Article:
The first answer to this question is how not to pay a fundraising consultant: under no circumstances agree to pay the consultant based on a percentage of what s/he raises for your nonprofit. This is true whether the consultant is helping you with proposal writing, major gifts, special events or any other development work. Members of professional fundraising groups, such as the Association of Fundraising Professionals, must sign an ethics statement that includes an agreement to never work on a percentage basis.
Why? There are three basic reasons. First, fundraisers are professionals and should be paid as such. Second, payment on a percentage basis can lead to unethical practices such as inflating the size of grant proposals or pressuring potential donors to increase the amount of their gifts. Creating a resource development program is a long-term investment. The consultant who works with you to create a useful fundraising plan lays the groundwork for increasing your resources and this is likely to incur only after you actually implement the plan. In another example, if you are new to grant seeking, the proposal writer you hire will have a great deal of work to do to help you to receive that first grant. Once the groundwork is laid, future grants could be much larger because your consultant has prepared you to submit successful grants and you have the systems in place to do so.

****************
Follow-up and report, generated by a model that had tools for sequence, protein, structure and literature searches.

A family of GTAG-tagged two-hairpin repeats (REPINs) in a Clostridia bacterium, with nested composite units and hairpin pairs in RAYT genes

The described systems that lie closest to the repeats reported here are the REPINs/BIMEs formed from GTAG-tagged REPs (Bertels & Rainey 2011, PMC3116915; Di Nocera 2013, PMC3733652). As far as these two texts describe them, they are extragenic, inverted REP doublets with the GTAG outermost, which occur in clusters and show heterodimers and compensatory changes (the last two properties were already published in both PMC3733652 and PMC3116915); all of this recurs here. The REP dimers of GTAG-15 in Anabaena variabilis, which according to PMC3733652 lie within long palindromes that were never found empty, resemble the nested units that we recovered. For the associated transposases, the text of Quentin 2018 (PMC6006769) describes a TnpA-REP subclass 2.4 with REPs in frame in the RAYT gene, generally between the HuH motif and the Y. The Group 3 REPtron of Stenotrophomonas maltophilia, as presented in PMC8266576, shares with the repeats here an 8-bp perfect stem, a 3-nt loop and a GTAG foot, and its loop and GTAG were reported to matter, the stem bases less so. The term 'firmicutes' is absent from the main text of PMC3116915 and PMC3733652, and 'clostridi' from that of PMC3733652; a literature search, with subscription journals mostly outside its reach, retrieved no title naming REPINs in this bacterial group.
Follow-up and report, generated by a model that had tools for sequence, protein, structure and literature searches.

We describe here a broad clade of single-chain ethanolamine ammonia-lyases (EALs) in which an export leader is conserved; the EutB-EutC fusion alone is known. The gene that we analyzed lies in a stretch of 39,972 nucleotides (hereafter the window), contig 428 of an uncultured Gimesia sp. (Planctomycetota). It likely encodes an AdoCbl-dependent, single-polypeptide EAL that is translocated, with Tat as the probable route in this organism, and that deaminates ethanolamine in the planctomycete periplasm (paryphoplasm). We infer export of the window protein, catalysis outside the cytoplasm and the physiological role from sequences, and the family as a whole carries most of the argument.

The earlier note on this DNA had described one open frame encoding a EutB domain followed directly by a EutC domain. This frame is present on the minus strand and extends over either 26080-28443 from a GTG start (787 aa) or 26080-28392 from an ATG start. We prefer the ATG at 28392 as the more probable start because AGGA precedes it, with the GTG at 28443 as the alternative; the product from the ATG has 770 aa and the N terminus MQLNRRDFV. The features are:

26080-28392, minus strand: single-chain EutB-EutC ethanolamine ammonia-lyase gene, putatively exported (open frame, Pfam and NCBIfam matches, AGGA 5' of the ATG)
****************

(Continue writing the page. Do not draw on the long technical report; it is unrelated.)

How do fundraising consultants determine the fees they charge? Some charge by the hour, some by the day and some by the whole job. The experience of the fundraiser, the size of the nonprofit, and the geographic location often combine to determine the price. For example, you may pay $100-170 an hour if you are a midsize nonprofit in Boston who wants a consultant with extensive experience. A smaller nonprofit in the Berkshires or on the Cape seeking a consultant may pay in the $60 to $90 an hour range.
Most consultants use a daily rate (which is generally less) if you hire them for a larger project or a longer period of time. In this case, make sure you build evaluation points into your service contract. Review the work at agreed upon times and see if the original assumptions hold true. In all cases, make sure your nonprofit has a written agreement signed by the consultant and your organization that clearly spells out the consultant’s responsibilities, fees, expenses and timeframe for payments.
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